Following on from last week’s post on 20 journaling prompts to improve your relationships, this week I’m sharing an interview with Ryan Engelstad, a therapist and fellow Coach.me coach, about cultivating healthy relationships. We cover a bunch of topics, including common relationship challenges, making friends as an adult, and more. Enjoy!
Can you tell us a little about yourself and what you’re passionate about right now?
I’m a licensed clinical social worker working primarily as a therapist in Princeton, NJ. I am passionate about behavior change and helping people understand mental health and how they can cope effectively. I am also a father of an amazing 2 year old and enjoy doing improv comedy on the side!
How did you become interested in helping people with their relationships and mental health?
Growing up I was always fascinated with why people acted the way they did, especially when things didn’t work out for them or they didn’t get what they want. My first job out of college was at an inpatient substance abuse clinic where I saw the damage that negative behaviors had on relationships and families, and also how negative relationships influenced negative behaviors. It was during that time that I knew I wanted to be a therapist to help people fix these problems.
What are some of the most common challenges you see people experiencing when it comes to new relationships?
One of the biggest challenges I see is that people often struggle to disagree/problem solve effectively early on in relationships and that this can often prevent the relationship from growing to a more intimate level. Communication is so important and learning each other’s communication style (especially around conflict) can save a lot of stress. A common example is one partner may “hold onto” little annoyances over time only to lay them all out at the first sign of conflict. Learning how to address even little annoyances in the moment goes a long way to avoiding blow out fights.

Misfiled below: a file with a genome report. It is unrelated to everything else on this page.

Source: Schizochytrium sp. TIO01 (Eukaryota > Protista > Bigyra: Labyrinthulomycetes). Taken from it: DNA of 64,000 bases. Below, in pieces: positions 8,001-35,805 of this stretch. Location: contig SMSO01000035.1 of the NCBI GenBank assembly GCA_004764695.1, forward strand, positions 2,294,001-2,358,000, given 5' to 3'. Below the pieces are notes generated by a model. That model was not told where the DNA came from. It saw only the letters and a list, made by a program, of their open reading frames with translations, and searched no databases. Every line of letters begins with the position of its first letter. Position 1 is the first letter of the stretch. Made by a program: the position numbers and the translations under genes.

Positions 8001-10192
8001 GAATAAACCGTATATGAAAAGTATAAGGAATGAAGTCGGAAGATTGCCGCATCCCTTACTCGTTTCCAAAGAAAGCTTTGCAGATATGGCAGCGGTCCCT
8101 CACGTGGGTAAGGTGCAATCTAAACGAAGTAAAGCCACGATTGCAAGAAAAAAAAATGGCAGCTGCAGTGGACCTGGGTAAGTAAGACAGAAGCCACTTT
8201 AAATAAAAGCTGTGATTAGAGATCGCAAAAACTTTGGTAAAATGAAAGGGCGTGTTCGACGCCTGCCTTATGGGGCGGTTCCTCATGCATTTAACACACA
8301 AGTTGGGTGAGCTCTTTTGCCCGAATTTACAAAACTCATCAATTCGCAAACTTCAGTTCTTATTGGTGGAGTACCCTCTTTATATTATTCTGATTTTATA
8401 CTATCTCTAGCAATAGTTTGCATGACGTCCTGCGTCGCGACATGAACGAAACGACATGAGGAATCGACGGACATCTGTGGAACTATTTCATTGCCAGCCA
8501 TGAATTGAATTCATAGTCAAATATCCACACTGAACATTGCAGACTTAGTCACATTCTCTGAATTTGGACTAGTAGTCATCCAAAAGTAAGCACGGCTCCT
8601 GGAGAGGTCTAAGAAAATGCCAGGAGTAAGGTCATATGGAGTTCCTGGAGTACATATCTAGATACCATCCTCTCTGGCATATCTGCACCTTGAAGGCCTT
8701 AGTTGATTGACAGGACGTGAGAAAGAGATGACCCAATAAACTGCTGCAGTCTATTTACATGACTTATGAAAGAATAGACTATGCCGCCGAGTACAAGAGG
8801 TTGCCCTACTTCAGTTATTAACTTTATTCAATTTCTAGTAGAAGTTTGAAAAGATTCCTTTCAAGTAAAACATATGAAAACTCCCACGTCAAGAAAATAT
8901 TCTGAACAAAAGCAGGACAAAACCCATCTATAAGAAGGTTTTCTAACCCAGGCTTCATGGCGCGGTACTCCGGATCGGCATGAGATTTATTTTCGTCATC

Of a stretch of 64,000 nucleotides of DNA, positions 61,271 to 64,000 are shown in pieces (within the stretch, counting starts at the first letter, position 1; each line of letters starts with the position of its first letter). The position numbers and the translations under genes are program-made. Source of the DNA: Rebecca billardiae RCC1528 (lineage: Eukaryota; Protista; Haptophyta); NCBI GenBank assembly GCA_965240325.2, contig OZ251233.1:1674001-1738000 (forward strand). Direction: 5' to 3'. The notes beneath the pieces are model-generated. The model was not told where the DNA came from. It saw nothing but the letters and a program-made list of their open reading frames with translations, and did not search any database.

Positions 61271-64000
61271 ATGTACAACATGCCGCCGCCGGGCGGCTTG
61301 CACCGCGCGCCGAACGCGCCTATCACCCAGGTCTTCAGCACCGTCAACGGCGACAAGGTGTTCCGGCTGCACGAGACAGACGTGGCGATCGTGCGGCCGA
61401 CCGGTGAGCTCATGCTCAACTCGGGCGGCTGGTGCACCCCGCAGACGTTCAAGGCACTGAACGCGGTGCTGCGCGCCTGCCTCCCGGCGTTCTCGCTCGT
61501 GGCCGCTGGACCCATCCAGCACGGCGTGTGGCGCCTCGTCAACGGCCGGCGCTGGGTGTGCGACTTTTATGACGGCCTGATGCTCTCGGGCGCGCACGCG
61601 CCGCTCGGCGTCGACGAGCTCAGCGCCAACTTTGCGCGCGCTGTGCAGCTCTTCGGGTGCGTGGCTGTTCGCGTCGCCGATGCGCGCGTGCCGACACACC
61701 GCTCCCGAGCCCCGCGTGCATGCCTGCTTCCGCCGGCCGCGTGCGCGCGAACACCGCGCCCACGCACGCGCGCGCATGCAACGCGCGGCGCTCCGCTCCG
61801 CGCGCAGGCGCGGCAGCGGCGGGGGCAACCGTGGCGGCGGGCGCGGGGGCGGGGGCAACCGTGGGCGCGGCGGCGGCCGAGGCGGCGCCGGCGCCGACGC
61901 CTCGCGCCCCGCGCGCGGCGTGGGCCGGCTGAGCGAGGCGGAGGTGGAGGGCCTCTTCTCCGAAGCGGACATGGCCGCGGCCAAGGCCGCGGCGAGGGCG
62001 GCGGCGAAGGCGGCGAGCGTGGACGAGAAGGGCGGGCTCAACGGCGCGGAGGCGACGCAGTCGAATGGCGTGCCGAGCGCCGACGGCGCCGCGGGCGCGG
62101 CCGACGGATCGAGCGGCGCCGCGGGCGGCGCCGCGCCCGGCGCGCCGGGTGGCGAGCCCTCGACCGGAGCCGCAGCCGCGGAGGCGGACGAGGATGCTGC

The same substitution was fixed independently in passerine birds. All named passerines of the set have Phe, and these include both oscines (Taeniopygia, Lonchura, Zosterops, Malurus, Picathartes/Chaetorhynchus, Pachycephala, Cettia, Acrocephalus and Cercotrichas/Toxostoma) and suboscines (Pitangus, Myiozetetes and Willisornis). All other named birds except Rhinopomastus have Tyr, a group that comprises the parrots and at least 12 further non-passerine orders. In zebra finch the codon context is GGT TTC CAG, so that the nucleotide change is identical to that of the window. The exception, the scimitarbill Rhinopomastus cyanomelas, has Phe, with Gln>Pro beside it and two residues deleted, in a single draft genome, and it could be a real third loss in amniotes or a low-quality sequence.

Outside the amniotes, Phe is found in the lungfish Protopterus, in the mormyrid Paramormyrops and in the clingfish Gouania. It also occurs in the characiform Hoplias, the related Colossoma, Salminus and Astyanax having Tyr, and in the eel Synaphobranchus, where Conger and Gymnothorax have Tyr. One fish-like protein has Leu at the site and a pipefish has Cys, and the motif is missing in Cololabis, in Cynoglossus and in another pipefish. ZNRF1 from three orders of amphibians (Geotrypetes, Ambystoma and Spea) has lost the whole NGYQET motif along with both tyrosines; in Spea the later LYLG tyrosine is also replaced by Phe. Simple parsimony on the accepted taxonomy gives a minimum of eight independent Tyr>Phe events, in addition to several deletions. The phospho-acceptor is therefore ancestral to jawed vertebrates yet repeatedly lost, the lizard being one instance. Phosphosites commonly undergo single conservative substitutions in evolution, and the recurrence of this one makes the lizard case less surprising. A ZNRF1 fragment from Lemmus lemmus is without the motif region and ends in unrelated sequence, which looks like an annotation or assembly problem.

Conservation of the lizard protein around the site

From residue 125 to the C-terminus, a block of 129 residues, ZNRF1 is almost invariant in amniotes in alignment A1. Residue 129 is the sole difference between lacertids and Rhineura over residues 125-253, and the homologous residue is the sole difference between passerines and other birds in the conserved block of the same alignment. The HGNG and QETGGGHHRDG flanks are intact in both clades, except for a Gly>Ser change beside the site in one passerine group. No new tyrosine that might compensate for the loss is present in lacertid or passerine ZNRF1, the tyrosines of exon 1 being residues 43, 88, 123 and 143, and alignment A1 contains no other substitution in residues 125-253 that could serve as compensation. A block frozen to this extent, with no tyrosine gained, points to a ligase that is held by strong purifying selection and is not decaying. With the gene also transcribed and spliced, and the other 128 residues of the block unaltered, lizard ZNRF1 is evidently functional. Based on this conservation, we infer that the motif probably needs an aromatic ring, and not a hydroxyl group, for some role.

For many of us, making friends as an adult can be difficult once we’re outside the bubbles of school and work. What advice do you have for anyone who wants to broaden their social circle and is wondering where to start?
This is such an important question and one that I struggled with in the past (we’ve moved several times). Getting involved in activities I enjoy or wanted to learn has really helped to broaden my social circle. In graduate school I saw a flyer for acting classes at a local theater and signed up for Introduction to Improv Comedy. I loved the class and started going out with the group of people for drinks afterwards. Years later my amazingly supportive wife sent me a call for auditions to a local improv troupe. I tried out and even with my limited experience they accepted me into the troupe. Four years later I have performed all over the east coast and the troupe has become a regular source of socializing and support.